Recruitment Genius: Technical Administrator

£15000 - £18000 per annum: Recruitment Genius: This company are a world leadin...

Day In a Page

Read Next
Nick Clegg (R) Liberal Democrat Leader and former leader Charles Kennedy MP, joined the general election campaign trail on April 8, 2010  

Charles Kennedy: The only mainstream political leader who spoke sense

Tim Farron
 

The strangely parallel lives of Oliver Letwin and Ed Miliband

Matthew Norman
On your feet! Spending at least two hours a day standing reduces the risk of heart attacks, cancer and diabetes, according to new research

On your feet!

Spending half the day standing 'reduces risk of heart attacks and cancer'
Liverpool close in on Milner signing

Liverpool close in on Milner signing

Reds baulk at Christian Benteke £32.5m release clause
With scores of surgeries closing, what hope is there for the David Cameron's promise of 5,000 more GPs and a 24/7 NHS?

The big NHS question

Why are there so few new GPs when so many want to study medicine?
Big knickers are back: Thongs ain't what they used to be

Thongs ain't what they used to be

Big knickers are back
Thurston Moore interview

Thurston Moore interview

On living in London, Sonic Youth and musical memoirs
In full bloom

In full bloom

Floral print womenswear
From leading man to Elephant Man, Bradley Cooper is terrific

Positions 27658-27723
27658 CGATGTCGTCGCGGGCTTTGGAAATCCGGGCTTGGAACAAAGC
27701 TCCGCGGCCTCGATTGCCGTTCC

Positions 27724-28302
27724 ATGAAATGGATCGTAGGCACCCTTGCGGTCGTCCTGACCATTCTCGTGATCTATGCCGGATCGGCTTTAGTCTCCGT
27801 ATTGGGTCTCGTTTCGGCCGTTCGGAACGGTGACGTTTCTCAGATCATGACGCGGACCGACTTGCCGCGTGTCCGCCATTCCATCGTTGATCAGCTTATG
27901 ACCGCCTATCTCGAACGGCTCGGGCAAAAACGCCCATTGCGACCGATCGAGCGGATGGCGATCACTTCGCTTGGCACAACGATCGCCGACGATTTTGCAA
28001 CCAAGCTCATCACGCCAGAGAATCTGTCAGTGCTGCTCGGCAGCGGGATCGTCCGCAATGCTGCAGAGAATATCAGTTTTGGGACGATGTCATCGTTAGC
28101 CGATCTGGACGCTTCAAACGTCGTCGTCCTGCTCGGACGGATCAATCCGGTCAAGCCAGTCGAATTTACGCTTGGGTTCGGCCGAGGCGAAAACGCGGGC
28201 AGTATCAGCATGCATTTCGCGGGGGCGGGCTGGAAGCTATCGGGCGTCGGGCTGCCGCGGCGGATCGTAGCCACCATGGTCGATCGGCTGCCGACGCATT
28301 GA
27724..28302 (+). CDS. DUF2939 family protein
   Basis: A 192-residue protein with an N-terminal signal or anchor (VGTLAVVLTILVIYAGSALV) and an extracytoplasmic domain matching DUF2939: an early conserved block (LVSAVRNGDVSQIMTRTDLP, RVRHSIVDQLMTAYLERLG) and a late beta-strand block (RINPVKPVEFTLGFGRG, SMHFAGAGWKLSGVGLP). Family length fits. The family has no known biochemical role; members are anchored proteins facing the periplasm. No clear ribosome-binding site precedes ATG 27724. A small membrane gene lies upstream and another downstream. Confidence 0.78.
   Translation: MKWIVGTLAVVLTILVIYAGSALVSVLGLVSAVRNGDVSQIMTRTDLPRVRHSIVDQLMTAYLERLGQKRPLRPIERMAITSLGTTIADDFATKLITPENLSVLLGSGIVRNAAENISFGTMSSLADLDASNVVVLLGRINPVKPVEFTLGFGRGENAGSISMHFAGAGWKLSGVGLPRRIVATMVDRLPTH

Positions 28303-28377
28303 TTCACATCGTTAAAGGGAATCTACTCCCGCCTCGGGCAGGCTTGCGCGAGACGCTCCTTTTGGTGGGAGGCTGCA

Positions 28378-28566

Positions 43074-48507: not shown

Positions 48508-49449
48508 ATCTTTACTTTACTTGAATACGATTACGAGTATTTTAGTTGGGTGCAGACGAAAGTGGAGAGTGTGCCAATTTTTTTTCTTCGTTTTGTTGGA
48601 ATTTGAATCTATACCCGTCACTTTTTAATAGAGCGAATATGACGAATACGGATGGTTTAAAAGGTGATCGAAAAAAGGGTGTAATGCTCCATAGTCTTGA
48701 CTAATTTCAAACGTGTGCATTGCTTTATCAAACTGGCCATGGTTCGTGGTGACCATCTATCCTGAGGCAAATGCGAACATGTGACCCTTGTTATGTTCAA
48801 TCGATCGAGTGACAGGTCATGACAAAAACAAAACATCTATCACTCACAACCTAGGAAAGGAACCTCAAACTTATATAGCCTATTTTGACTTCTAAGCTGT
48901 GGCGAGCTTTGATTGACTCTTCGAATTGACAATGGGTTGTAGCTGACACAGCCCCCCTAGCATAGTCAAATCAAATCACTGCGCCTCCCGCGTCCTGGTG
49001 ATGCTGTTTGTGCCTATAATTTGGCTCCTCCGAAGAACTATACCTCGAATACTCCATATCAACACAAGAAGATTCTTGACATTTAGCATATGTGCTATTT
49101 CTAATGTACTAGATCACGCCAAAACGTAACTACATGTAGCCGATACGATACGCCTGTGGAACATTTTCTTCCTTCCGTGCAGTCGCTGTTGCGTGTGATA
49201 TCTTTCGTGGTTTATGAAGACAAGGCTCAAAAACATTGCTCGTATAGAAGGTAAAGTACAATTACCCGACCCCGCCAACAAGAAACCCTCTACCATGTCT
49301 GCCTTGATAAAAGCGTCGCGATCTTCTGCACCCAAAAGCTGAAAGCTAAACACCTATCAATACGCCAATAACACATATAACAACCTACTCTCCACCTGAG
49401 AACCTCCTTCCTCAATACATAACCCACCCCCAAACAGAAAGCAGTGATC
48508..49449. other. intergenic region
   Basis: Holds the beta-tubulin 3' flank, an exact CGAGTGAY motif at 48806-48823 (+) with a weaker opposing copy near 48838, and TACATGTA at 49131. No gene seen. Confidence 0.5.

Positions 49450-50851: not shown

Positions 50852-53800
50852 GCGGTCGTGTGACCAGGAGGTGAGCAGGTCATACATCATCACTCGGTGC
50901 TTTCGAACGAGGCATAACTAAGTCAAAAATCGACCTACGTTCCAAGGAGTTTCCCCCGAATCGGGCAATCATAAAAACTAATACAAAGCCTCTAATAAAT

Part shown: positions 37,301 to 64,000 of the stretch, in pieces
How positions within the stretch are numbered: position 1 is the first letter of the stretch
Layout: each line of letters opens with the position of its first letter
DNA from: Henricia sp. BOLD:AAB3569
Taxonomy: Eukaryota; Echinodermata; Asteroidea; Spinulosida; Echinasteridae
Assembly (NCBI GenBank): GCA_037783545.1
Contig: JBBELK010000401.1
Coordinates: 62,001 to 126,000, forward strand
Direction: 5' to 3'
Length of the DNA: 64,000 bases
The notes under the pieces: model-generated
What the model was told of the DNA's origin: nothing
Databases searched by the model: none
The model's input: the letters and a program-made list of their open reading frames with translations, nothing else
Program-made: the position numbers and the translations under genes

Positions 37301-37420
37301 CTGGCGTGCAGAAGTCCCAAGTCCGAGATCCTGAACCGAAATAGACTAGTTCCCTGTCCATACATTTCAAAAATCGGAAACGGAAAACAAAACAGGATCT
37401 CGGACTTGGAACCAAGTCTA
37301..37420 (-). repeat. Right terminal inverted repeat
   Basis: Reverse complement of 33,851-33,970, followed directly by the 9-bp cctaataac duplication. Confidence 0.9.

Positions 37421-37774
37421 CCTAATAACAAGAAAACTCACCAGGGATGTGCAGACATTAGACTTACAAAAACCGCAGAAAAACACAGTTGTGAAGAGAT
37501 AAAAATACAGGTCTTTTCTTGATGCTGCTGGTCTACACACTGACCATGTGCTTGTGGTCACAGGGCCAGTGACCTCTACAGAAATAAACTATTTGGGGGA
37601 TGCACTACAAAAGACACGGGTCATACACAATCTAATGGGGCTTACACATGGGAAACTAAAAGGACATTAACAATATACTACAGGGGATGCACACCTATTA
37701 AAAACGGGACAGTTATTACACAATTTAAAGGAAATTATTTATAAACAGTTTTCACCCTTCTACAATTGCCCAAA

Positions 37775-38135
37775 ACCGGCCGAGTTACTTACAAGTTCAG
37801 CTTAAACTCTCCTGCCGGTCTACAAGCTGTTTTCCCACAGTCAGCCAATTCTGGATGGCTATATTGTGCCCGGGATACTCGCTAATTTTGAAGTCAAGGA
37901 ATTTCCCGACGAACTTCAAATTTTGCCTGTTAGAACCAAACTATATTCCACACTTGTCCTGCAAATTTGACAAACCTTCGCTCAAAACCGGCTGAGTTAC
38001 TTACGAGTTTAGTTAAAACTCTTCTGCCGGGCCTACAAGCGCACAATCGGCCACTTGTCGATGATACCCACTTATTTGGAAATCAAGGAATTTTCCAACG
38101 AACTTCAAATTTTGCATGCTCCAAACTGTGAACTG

From leading man to Elephant Man

Bradley Cooper is terrific
In this the person to restore our trust in the banks?

In this the person to restore our trust in the banks?

Dame Colette Bowe - interview
When do the creative juices dry up?

When do the creative juices dry up?

David Lodge thinks he knows
The 'Cher moment' happening across fashion just now

Fashion's Cher moment

Ageing beauty will always be more classy than all that booty
Thousands of teenage girls enduring debilitating illnesses after routine school cancer vaccination

Health fears over school cancer jab

Shock new Freedom of Information figures show how thousands of girls have suffered serious symptoms after routine HPV injection
Fifa President Sepp Blatter warns his opponents: 'I forgive everyone, but I don't forget'

'I forgive everyone, but I don't forget'

Fifa president Sepp Blatter issues defiant warning to opponents
Extreme summer temperatures will soon cause deaths of up to 1,700 more Britons a year, says government report

Weather warning

Extreme summer temperatures will soon cause deaths of up to 1,700 more Britons a year, says government report
LSD: Speaking to volunteer users of the drug as trials get underway to see if it cures depression and addiction

High hopes for LSD

Meet the volunteer users helping to see if it cures depression and addiction
German soldier who died fighting for UK in Battle of Waterloo should be removed from museum display and given dignified funeral, say historians

Saving Private Brandt

A Belgian museum's display of the skeleton of a soldier killed at Waterloo prompts calls for him to be given a dignified funeral